everyone included in the meeting can read the questions that are submitted,
and whether certain questions are addressed at all.
The audio-only stream raised the ire of some investors last year during the
annual meeting for Symantec Corp., the Mountain View, Calif.-based computer
security company that owns Norton Security.
After the meeting was over, shareholders discovered only eight of the
company's 11 directors decided to show up, despite the fact that they were
voting whether to keep the directors in place. Shareholders also complained
that the company only answered two questions, despite multiple online
This year, the company hosted a live meeting with an online option for
Symantec was the first Fortune 500 company to host an online-only meeting,
and Timothy Smith, senior vice president of the Boston-based social and
environmental investment firm Walden Asset Management, thinks that company's
experience could be a cautionary tale for what could become regular
occurrences if too many choose that route.
He said any company with a significant public relations problem could duck
the toughest shareholder questions under the online-only format.
"Imagine News Corp. having a virtual-only meeting this year and shareholders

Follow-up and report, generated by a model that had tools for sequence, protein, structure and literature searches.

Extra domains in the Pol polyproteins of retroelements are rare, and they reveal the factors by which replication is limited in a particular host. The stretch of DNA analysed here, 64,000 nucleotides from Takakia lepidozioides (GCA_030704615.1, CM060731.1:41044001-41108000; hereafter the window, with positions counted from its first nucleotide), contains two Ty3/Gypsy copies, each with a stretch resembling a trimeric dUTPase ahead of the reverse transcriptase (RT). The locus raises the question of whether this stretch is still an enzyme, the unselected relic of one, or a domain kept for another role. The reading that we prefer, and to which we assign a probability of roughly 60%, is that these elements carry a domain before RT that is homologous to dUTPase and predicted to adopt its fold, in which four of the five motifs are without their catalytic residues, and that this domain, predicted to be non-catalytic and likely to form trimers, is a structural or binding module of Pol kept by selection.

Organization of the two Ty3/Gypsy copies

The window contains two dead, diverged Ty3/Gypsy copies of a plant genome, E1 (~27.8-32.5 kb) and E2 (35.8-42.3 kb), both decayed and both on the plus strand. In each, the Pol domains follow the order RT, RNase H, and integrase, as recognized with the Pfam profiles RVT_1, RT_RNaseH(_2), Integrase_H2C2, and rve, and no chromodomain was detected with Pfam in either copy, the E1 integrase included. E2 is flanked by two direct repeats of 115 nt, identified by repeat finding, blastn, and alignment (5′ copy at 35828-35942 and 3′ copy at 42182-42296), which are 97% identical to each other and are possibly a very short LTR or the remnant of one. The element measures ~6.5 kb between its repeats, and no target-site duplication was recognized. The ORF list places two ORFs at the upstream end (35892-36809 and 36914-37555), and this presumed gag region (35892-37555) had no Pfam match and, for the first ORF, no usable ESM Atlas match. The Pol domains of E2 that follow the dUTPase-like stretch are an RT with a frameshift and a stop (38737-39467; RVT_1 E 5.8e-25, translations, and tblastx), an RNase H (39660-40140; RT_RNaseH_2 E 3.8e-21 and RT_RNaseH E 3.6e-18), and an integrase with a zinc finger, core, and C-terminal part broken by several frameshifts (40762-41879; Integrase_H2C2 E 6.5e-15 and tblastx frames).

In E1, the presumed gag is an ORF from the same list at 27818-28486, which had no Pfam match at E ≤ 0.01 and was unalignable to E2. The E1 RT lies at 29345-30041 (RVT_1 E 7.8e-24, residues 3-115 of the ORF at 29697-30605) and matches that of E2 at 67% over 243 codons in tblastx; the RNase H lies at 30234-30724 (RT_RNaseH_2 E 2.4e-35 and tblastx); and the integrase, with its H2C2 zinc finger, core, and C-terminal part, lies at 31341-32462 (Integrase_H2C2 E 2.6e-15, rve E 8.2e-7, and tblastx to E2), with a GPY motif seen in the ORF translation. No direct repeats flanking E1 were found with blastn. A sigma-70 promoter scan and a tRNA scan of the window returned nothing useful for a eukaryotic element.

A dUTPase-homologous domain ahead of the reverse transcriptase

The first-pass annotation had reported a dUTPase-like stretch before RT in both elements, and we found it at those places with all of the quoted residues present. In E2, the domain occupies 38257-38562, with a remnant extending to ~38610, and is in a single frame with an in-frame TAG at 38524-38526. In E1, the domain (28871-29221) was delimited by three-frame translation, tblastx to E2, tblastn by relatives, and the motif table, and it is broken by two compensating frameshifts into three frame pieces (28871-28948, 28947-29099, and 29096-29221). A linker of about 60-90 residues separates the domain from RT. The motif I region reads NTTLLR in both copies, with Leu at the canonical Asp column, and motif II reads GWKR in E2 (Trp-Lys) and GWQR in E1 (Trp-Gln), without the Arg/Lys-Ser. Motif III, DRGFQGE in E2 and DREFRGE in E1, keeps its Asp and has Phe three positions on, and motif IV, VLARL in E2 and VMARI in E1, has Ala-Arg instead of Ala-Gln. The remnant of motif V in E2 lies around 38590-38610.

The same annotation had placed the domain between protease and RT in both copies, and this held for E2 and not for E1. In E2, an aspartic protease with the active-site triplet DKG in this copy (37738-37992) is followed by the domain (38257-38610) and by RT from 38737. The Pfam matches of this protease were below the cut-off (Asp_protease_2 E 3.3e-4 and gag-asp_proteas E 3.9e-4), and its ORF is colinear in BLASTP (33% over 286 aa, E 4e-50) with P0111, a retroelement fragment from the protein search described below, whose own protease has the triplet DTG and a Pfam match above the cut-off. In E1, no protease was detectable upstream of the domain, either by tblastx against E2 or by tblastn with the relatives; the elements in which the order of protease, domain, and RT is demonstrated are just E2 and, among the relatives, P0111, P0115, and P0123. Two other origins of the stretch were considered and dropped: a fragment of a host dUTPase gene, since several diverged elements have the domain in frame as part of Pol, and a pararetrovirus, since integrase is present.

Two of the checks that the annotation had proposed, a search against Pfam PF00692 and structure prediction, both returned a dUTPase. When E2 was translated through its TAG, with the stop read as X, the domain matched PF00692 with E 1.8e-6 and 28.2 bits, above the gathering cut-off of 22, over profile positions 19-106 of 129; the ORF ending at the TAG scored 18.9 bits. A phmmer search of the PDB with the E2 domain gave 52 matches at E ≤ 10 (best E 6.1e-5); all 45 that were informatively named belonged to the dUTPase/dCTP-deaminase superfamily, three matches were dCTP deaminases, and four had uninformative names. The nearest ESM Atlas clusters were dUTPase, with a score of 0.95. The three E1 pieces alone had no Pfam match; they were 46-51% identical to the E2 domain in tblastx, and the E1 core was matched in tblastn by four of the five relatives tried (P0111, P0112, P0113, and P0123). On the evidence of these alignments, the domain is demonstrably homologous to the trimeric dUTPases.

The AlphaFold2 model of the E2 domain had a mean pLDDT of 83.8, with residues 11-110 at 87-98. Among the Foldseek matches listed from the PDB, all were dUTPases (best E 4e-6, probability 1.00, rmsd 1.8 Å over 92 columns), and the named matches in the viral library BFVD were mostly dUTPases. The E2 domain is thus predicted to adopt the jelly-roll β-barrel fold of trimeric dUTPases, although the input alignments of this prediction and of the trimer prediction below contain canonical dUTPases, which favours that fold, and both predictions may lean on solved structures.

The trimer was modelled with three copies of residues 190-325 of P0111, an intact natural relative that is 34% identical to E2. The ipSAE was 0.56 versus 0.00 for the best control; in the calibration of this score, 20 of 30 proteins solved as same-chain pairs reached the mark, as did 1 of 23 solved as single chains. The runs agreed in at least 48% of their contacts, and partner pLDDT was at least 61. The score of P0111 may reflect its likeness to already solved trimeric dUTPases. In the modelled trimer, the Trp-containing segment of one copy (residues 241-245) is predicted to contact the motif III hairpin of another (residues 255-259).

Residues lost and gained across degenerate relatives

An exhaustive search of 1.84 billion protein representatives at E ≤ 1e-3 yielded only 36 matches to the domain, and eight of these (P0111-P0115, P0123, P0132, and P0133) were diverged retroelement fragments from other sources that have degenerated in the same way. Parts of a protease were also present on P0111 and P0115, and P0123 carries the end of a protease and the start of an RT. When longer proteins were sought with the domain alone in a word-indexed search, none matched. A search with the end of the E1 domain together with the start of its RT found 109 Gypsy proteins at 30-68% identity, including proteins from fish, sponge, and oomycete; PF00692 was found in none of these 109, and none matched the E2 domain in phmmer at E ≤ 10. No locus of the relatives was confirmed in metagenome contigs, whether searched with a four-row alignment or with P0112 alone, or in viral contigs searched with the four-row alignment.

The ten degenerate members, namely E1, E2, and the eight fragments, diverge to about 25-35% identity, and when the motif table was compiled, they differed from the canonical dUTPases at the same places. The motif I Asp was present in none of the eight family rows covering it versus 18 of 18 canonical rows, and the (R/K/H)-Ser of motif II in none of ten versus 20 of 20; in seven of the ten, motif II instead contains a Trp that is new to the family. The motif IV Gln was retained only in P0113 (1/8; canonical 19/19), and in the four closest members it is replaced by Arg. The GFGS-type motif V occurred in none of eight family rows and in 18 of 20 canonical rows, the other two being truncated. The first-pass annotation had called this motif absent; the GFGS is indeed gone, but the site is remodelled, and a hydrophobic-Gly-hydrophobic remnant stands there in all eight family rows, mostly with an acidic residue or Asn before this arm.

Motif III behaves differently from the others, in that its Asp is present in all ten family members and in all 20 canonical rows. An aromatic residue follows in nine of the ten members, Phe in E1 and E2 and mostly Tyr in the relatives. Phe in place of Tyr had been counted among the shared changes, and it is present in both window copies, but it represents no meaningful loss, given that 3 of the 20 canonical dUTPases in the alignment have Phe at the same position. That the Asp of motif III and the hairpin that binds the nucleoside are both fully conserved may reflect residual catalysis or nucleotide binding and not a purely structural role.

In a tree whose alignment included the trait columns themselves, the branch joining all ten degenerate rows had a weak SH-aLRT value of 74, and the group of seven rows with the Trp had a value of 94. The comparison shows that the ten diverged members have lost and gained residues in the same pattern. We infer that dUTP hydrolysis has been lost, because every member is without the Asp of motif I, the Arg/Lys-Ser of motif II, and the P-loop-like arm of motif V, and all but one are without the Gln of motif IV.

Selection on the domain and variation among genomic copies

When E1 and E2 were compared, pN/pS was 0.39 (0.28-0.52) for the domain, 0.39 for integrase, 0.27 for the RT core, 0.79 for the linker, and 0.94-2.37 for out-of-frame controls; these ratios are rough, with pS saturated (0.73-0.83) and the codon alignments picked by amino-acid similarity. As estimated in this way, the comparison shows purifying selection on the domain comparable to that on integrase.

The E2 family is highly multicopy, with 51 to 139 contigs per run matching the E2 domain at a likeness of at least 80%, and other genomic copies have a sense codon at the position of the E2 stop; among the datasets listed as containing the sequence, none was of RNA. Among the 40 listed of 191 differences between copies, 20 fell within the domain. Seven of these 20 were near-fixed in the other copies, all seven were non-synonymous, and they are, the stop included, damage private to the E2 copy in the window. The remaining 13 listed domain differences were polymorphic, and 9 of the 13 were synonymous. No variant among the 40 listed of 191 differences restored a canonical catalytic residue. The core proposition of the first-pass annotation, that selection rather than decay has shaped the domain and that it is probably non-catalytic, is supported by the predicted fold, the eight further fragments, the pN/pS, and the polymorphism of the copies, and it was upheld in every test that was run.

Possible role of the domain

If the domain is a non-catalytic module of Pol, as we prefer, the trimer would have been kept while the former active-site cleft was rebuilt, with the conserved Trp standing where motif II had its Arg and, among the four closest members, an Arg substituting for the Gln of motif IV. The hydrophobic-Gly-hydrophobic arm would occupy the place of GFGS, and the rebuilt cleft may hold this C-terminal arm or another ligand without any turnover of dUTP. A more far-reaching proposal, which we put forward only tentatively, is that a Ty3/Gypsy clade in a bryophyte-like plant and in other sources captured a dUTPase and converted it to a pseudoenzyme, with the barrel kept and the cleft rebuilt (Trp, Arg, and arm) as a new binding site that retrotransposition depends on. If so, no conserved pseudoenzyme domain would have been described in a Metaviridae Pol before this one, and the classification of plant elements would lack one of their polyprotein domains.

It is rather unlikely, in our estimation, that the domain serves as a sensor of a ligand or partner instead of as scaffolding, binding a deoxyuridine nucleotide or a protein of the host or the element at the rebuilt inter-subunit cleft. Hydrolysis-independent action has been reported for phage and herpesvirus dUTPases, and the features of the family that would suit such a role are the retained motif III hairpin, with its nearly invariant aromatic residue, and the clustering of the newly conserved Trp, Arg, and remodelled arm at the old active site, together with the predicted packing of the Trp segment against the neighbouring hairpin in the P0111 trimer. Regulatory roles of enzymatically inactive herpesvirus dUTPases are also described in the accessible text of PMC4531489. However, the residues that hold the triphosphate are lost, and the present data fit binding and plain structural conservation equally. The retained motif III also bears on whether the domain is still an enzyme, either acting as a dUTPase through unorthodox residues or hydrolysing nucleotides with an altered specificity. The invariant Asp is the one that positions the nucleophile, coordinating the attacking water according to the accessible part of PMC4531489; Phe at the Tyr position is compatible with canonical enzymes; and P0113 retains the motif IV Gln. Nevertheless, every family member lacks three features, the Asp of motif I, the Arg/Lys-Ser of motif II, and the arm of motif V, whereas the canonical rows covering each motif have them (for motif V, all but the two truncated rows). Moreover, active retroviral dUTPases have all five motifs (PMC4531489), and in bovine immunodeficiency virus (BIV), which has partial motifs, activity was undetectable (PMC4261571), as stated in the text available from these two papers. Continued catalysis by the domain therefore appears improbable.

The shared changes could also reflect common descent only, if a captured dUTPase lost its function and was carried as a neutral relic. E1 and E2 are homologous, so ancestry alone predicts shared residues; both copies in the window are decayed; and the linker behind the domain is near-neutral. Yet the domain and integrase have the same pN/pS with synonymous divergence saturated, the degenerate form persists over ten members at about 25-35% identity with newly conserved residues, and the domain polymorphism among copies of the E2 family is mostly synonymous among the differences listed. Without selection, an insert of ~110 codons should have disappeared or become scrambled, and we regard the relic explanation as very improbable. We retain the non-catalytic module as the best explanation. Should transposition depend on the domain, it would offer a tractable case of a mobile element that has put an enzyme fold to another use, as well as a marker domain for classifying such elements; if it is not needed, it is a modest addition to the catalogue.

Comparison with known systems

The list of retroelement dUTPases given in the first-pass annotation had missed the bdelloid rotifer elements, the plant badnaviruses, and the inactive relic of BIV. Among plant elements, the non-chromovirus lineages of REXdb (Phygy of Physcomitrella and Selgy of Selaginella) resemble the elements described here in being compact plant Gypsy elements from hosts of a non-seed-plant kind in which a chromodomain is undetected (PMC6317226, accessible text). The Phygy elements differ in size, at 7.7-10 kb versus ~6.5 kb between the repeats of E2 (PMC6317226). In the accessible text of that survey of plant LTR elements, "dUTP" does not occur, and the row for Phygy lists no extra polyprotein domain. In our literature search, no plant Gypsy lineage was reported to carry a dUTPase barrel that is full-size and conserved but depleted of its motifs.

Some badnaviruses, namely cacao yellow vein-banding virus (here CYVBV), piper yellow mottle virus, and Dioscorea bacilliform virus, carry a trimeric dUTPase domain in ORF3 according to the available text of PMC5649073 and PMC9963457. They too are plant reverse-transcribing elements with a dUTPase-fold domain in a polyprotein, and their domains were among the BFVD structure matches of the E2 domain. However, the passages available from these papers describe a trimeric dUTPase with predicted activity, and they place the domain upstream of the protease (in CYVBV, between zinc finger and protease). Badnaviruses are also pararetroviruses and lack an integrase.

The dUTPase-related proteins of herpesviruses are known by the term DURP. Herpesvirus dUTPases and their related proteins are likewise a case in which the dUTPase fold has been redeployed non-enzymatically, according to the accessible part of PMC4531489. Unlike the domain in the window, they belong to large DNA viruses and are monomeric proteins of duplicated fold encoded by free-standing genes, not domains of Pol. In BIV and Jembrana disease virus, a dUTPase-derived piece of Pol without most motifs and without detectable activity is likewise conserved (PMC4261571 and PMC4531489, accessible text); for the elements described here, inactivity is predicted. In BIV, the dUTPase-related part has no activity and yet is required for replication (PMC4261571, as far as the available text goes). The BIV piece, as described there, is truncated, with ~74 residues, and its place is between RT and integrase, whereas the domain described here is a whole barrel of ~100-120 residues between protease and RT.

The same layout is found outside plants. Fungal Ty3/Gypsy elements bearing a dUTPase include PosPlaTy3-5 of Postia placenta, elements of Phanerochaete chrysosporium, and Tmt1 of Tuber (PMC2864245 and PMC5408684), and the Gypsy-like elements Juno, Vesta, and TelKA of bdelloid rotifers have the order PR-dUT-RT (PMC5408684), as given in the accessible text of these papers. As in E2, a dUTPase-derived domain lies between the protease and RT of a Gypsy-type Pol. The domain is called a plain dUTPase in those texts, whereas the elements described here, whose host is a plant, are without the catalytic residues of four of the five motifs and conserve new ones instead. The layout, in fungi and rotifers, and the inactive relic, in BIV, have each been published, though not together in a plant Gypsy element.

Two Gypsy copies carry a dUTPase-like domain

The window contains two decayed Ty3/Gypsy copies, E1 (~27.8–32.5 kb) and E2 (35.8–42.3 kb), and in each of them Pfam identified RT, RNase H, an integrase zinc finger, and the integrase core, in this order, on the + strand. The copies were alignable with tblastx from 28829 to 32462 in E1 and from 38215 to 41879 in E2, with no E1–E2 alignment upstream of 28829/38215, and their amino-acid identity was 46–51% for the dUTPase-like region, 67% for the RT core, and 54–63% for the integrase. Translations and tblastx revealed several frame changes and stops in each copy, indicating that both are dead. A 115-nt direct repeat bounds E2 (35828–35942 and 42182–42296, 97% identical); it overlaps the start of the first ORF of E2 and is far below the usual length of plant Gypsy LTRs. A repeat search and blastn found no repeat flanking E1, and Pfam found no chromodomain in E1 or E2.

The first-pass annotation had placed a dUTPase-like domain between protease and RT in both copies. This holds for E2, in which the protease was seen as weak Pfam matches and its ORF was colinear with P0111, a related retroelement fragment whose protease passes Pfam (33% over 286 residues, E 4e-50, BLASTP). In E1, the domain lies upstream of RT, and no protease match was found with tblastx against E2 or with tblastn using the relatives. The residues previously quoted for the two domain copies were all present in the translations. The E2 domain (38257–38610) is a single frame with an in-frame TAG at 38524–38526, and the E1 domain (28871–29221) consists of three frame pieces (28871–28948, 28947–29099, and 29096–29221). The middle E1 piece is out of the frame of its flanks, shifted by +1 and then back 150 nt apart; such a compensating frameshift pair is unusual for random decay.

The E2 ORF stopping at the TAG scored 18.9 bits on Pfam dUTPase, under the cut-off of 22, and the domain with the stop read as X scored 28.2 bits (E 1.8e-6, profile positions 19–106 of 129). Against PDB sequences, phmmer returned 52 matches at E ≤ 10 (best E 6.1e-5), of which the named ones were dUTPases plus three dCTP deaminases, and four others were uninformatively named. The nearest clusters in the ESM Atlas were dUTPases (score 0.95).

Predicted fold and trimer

having to send questions by email [from] around the world; there would have
been an outraged cry," he said.
News Corp. has been embroiled in an ethics scandal involving the
phone-hacking of celebrities and even a murder victim, a scandal that
triggered the shutdown of its News of the World publication.
Kelly Howard, Broadridge's vice president of corporate communications, said
the company follows guidelines established by state laws that give companies
a great deal of freedom regarding how they conduct meetings.
Companies hosting annual meetings in person are not required to have
question-and-answer sessions, and there is no law in the 21 states that
allow online-only meetings requiring both audio and video streaming.
Broadridge's "Shareholders Forum" software allows companies the option to
display questions submitted and lets shareholders communicate during
online-only meetings. Next year, the company plans to introduce an option
beyond the Shareholders Forum to list questions submitted online.
However, it is up to individual companies to decide if they want to include
those options as part of their meetings.
"State law affords issuers significant leeway in conducting in-person annual
meetings. Similarly, the Broadridge service is flexible," wrote Mr. Howard
in an email statement.
Mr. Smith said many companies who conduct online meetings are not using them
for the purpose of subterfuge, but he noted that keeping investors away from
company officials makes some question why they're being shut out of the
He understands the benefit to companies who only see a few investors show up
at annual meetings, but he said the online-only process should be a concern
for investors who think their companies have something to hide from
"I bet if we had a vote on having an in-person meeting for a company with
even a whiff of controversy, we'd have a high vote in favor," he said.
Deborah M. Todd:
firstname.lastname@example.org or 412-263-1652.
published on December 6, 2011 at 12:00 am